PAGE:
Refocused Capriati is on a roll
By Jon Wertheim, Sports Illustrated
MELBOURNE, Australia -- Walk around the catacombs of Rod Laver Arena and you'll see framed posters of past champions covering the walls. One of the most arresting images is that of an innocent teenager, her hair pulled tight, smiling and hugging a trophy and a stuffed kangaroo.
Nine years -- almost to the day -- after the photo was taken, Monica Seles was back on center stage at Rod Laver Arena. This time there would be no triumph and no expansive grin. Tuesday's quarterfinal throwdown with Jennifer Capriati followed an all-too-familiar script. Seles started the match strong, won the first set, and then collapsed like a bad soufflé. Up a set and 4-2 in the second -- the same score of the deficit she faced in her previous match, against Justine Henin -- Seles' gas gauge hit E. She went nearly 40 minutes without winning a game and, for the first time in six Grand Slam meetings, fell to Capriati, 5-7, 6-4, 6-3.
It is, of course, difficult to watch a nine-time Grand Slam champion struggle to try and regain a shadow of her former self. But this match between former prodigies -- both with rich histories, recounted ad nauseum -- was less about Seles' struggle than Capriati's triumph. It was a year ago that a tan, muscled Capriati made it to the semifinals here, playing her best ball since Bush Administration I. Her year unraveled from there, as she inexplicably split with her coach, Harold Solomon, and replaced him with her father; endured a string of injuries; took on a serious boyfriend; and allowed her fitness and focus to slip. By the time she closed out a disappointing year with an ugly loss to Anna Kournikova at the Chase Championships, she had regressed decidedly, playing strategically vacant tennis and lacking conditioning.
Before the distance between herself and the top guns widened further, Capriati got herself back in shape. In December, when other players go on vacation or give their DVD machines a workout, Capriati headed to the gym. Under the eye of her trainer, Karen Burnett, Capriati ran, cycled, lifted weights and even tried Tae Bo. She also "took a break" from her boyfriend, Xavier Malisse, a wonderfully talented tennis player but a notorious junk-food junkie. A decade into her career, Capriati has realized one of the realities of the women's game: "It's no problem hitting the ball," she says. "It's how many times you can run around and hit it." As is so often the case among players, as Capriati's fitness improved, so did her confidence. Before Melbourne, she asserted with uncharacteristic boldness that her strokes were as good as any other player's on tour.
Both her improved conditioning and her swagger were on display Tuesday. Even in the early going, Capriati saved seven set points before dropping the opening set. Down 2-4 in the second, she played her best tennis of the match, calmly stroking winners and sadistically running Seles from corner to corner. While Seles grew visibly fatigued, Capriati was barely sucking wind. Without having to worry about rationing energy, she "hit out" and kept Seles on the go. A player never known for her consistency, Capriati finished with one fewer error and 18 more winners than Seles. "That's as well as I've seen Jennifer play," said Solomon, on hand filling in as Seles' coach. "Give her credit."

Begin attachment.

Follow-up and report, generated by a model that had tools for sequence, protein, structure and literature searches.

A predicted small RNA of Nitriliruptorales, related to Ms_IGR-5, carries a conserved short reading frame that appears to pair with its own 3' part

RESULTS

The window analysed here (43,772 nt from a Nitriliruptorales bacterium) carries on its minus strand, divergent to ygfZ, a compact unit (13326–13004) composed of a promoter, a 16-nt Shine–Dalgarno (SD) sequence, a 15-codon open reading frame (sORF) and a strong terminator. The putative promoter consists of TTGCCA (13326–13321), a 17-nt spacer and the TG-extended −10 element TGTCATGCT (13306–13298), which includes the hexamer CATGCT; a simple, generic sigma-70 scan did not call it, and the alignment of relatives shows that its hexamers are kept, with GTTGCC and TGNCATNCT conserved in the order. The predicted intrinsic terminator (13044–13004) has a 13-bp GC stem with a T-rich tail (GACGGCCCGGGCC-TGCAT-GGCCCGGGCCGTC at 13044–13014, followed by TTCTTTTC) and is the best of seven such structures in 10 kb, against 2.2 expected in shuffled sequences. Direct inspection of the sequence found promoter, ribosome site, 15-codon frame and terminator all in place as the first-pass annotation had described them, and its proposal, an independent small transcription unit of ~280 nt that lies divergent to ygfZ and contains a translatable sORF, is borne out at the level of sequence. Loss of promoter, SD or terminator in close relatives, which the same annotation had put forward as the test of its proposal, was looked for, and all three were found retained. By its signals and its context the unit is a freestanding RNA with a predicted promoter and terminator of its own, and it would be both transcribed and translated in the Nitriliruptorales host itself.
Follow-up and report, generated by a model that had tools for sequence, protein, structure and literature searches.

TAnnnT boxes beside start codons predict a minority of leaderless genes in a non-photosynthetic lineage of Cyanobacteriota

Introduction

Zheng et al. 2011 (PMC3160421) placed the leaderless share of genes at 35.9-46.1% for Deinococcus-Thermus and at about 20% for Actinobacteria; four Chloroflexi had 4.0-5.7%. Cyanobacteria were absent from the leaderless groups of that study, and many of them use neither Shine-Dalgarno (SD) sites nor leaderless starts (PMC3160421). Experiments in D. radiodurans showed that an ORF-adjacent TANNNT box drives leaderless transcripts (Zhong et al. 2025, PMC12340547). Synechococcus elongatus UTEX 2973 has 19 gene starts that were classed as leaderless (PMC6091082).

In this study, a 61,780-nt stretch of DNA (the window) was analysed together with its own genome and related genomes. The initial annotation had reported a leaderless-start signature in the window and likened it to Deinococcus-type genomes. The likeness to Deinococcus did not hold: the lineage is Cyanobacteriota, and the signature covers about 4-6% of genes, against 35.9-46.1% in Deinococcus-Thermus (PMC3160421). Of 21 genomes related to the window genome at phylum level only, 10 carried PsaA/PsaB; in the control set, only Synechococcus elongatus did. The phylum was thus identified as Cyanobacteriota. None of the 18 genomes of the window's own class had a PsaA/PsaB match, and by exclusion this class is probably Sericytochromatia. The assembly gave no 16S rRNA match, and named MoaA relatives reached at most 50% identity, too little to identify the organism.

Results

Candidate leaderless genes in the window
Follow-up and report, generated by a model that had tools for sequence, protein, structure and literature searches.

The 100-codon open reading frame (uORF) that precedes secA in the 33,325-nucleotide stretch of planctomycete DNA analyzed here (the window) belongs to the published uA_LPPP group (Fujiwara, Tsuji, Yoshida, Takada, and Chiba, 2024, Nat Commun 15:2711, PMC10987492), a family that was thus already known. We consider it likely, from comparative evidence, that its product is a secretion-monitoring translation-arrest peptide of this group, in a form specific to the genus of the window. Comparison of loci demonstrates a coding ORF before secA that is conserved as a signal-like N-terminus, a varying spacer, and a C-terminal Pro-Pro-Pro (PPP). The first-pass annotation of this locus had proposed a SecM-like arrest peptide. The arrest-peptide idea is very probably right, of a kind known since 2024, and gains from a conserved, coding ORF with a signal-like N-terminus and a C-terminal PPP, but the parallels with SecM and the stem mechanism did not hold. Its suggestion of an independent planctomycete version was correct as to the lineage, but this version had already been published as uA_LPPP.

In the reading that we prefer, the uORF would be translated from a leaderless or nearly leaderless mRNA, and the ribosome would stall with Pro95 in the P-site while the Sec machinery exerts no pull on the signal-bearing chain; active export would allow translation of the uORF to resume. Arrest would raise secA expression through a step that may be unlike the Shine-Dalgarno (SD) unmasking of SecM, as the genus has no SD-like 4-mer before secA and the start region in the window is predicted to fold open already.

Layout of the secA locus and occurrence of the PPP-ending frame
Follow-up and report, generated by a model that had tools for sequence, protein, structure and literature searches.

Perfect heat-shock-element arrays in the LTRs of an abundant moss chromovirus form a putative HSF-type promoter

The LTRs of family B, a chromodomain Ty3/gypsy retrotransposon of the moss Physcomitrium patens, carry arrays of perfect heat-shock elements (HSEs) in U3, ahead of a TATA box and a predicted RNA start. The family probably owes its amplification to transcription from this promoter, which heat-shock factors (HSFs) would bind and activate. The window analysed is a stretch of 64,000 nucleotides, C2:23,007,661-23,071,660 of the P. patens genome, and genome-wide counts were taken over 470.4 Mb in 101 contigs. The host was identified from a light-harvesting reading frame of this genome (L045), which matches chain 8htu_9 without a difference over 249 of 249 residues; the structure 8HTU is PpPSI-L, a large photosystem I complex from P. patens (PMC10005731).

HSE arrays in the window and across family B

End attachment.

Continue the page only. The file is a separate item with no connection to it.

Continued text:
Seles, as is her nature, did just that. Following a doubles win with Martina Hingis -- which made her singles loss go down a little bit easier -- Seles was plenty gracious. "Jennifer lifted her game and I think I went the other way," Seles said. "She fought a lot harder and, I think, wanted to win a lot more than I did today." It's no great secret that for Seles to improve her showing in Grand Slams -- she hasn't advanced beyond the quarterfinals in three years -- it's imperative that she whip herself into better shape. As perhaps the most down-to-earth player on the circuit, she knows this as well as anyone. And if she needs inspiration that it can be done, she needed only to have looked across the net Tuesday.
An apocryphal story making the rounds here Tuesday: A dozen or so players and coaches were waiting at the transportation center for courtesy cars to shuttle them back to their hotels Monday. When Pat Rafter's car pulled up, Kournikova appeared out of the blue, cut in line, and tried to get into the back seat. Before she sat down, Rafter pulled her out, pointed to the line and told her wait her turn like everyone else. ... Fourth seed Magnus Norman may have bit the dust Monday night against Sebastien Grosjean, but he earned high marks for his sportsmanship. Up match point in the fourth set, Grosjean served what he and Norman both assumed was an ace. As Grosjean celebrated and the two opponents walked to the net to shake hands, the umpire came down from the chair and explained that the serve was, in fact, a let. Before Grosjean could protest, Norman conceded the match. After explaining that his mother told him always to play fair, Norman offered another endearing explanation for his show of class: On the off chance he had come back to win the match, he would have felt the victory tainted. "When I go home, I want to feel good about myself," Norman said. ... Giovanni Lapentti, the younger brother of Nicolas and a player whom many think is the better pro prospect, tried to enter Crown Casino last night. He was told by the guard, "We don't do babysitting here." Lapentti plans to return Wednesday when he turns 18.
Sports Illustrated senior writer Jon Wertheim will file daily reports through the end of the Australian Open. Click here to send a question to his Mailbag.